There were 14 cards in the deck that they had to put in order, with lots and lots of possible combinations, since not every church does things exactly the same way. The cards included some terms the kids didn’t recognize. And a group of 20 of them had to agree on the proper order of these cards. That’s a lot of information for a group of twenty 8- to 11-year olds to process.
But within just a few seconds, almost the first thing they noticed was that the thing that most directly affects them — Children’s Time — was missing. Of course, right? Because that’s kind of the way we are as human beings, isn’t it? We tend to be most focused on the things that directly affect us.
Mind you, I’m not judging this, because it’s natural to be most focused on what directly affects us. I promise you, I would have immediately noticed had the sermon not been one of the cards! But this does have the potential consequence of narrowing or limiting our perspective to our own interests, needs, and wants. “Our” being defined differently from person to person, beginning with me personally, then gradually expanding to include family, community, state, country, and sometimes beyond. It’s kind of a theological myopia — caring mostly about the things nearest to us. We’re all prone to it because it’s part of the human condition. And while it shows up prominently in children, it doesn’t necessarily get better with age.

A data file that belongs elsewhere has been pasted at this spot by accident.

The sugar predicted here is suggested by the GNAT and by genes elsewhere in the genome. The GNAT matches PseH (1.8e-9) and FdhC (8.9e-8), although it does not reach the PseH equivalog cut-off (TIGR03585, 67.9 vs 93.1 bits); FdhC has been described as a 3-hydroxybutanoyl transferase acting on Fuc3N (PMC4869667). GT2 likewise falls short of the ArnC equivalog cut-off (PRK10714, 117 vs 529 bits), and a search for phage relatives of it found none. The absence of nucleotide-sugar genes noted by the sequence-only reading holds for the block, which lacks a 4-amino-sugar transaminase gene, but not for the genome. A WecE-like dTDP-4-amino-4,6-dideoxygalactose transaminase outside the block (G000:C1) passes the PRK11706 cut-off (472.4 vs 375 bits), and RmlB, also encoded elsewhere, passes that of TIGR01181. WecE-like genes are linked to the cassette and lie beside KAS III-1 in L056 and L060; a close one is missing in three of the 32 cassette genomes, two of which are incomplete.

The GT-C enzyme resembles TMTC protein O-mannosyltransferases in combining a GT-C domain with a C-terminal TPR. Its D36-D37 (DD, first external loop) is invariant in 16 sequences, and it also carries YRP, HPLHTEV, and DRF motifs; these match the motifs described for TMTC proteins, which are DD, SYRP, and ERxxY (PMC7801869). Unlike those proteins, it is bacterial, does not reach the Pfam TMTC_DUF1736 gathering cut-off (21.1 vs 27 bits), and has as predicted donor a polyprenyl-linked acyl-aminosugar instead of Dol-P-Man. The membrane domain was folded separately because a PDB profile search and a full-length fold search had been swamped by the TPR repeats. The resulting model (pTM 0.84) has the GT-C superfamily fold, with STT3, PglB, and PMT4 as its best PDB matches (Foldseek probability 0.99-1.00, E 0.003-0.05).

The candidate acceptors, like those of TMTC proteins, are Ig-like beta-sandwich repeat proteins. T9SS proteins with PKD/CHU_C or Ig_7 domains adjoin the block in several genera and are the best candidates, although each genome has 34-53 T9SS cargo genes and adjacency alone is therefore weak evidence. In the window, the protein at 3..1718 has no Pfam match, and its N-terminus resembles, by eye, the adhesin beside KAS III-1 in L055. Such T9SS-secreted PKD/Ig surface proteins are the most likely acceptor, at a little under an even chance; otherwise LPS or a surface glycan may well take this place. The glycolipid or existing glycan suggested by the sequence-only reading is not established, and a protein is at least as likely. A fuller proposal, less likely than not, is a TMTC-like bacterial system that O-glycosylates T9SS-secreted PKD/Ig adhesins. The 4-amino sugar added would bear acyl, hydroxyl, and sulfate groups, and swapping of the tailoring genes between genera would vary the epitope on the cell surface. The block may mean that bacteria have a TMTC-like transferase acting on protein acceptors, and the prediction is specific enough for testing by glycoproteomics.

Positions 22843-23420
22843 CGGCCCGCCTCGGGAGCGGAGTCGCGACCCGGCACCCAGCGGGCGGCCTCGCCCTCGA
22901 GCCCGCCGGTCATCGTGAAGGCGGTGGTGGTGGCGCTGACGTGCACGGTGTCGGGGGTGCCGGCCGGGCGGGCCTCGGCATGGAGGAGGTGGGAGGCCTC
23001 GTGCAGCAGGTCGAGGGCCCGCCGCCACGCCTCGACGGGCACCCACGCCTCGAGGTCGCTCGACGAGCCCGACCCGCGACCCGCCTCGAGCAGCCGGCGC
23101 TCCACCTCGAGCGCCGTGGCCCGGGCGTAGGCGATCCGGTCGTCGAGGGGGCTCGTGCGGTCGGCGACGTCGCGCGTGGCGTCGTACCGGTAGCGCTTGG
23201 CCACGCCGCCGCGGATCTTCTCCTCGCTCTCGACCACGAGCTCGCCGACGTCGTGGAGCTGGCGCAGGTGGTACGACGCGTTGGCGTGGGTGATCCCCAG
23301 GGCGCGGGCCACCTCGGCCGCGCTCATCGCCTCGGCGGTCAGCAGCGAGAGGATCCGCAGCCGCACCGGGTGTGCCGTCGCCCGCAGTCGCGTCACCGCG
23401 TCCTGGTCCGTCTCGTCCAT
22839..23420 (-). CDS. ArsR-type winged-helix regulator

For example, you may have read this week that in the wake of Hurricane Maria, which has devastated the U. S. commonwealth of Puerto Rico, almost half of those surveyed did not realize that Puerto Ricans are U. S. citizens. It’s actually worse among younger adults — only 37% of those ages 18 to 29 know that Puerto Ricans are Americans. This is not just a problem of geographical knowledge. Because 81% of those who realized that Puerto Ricans are American citizens supported sending aid to the island. (I’d love to talk to someone in the other 19%, by the way, but that’s a different sermon.) While only 44% of those who did not realize Puerto Ricans are Americans supported sending aid.
Well, today is all about broadening our perspective. Because today is World Communion Sunday. World Communion Sunday began in 1936 as an effort to bring Christian unity and peace. We celebrate our oneness in Christ, across cultural, national, and denominational differences, as we seek to serve the world and God’s children.
World Communion Sunday reminds us that, no matter how much we love being American Methodists in Sherman, Texas, we are part of a much bigger story of what God is doing in the world. Just like we have to teach our kids that Christ’s Church is much bigger than what we do on any given Sunday morning in this place that we all love, so we have to remind ourselves that there is a wider perspective of God’s work in the world, of which we are an important part. But of which we are only a part.